Light, pure colors are floating, happy things until they are paradoxically combined with death. Then the light intense red become hysterical as it floats about carpets, drapes and fruit. Belgian painter James Ensor
‘s works is many things, but above all he is hard to classify. Rubens, Van Gogh, William Blake, Breughel, el Dio de los Muertos, William Hogarth, Carnival and its masks…
I was swimming it an otherworldly sea of comparisons when I went to see the exhibition at MoMA yesterday. Here are some of them:
Here he poses as the Old Master painter Rubens, in a flowered and plumed hat, beginning the process of his self-fashioning, in which he gradually becomes a tormented artist plagued by thoughts of death.
Early works; Ensor’s The Drinker’s
next to Van Gogh’s Potato Eaters
In these later works, both artists have shifted to pure pigment in bright, crowded interiors. Ensor has added himself as a skeleton in The Skeleton Painter.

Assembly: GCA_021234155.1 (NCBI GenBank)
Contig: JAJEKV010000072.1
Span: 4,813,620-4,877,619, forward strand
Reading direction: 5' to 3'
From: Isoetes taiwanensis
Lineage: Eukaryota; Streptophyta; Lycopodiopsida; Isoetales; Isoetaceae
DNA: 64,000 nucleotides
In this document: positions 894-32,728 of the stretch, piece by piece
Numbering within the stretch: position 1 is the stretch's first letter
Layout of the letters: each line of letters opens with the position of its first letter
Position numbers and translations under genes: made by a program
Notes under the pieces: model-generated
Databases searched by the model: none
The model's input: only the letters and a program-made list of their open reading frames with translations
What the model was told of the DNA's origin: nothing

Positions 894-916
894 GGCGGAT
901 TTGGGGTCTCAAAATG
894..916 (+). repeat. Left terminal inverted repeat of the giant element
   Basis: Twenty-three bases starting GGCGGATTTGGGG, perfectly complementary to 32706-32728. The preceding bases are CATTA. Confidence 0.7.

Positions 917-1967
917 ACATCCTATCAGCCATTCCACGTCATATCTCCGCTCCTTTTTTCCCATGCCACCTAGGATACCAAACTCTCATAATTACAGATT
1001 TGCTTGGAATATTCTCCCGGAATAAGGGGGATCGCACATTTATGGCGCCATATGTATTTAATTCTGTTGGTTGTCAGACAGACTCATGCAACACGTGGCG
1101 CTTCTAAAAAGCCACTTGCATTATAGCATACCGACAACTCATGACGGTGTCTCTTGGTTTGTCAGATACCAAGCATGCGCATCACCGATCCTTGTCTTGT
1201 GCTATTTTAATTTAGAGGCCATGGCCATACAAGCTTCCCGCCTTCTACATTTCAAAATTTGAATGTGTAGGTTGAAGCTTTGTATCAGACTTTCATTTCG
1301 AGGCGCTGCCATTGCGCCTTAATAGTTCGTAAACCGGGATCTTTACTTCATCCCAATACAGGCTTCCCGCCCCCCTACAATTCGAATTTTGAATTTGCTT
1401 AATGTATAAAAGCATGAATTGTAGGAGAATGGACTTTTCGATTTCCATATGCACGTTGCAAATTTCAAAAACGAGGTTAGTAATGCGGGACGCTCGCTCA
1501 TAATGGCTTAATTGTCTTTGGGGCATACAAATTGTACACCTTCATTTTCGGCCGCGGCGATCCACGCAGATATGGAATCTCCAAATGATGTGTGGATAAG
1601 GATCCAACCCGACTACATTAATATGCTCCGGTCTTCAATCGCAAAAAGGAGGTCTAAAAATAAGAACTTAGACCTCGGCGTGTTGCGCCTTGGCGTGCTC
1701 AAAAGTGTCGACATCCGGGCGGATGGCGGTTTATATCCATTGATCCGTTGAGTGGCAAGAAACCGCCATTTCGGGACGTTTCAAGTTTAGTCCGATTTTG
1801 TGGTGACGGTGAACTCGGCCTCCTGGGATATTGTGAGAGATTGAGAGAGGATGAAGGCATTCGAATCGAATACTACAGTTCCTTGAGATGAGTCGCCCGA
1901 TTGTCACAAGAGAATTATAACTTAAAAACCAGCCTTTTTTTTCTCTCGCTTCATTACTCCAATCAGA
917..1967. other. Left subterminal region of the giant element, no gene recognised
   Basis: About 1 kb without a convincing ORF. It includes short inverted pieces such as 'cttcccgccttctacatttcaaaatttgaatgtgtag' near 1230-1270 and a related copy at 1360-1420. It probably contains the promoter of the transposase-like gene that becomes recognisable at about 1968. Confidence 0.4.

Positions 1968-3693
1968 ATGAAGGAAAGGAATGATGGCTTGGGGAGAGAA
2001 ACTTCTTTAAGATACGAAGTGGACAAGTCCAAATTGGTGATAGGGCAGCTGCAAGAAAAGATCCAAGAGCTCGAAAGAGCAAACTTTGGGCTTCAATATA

The Fireworks doesn’t share the Biblical theme that some of Ensor’s harder to find images do with Blake, but it does share a simplicity of composition that is elemental and wondrous.
Although its hard to see the details here, Ensor’s Baths at Ostend is swarming with cavorting tiny figures rather like earlier Flemish painter Breughel’s Maypole Dance, which also takes a large, contemporary social scene as his subject before imbuing it with meaning.
You might have noticed, Ensor likes his skeletons up walking and talking or here, Skeletons Warming Themselves by the Fire
. This sort of celebration of death among the living reminds me of El Dio de los Muertos both in the skeletons and the colors.
The irony of the former scene descends to pure satire in Ensor’s The Banquet of the Starving
. Although the British artist William Hogarth’s The Humours of an Election
was lampooning a more specific occasion, the two shared a minute dedication to attacking social and political systems.
And everywhere in Ensor, along with skeletons, you find masks. A theme throughout his life, inspired by the novelty store he lived above his whole life, here the masked people crowd around Death in Masks Confronting Death. Much good may it do them.
On through September 21 at MoMA, check it out and see what connections you can dream up.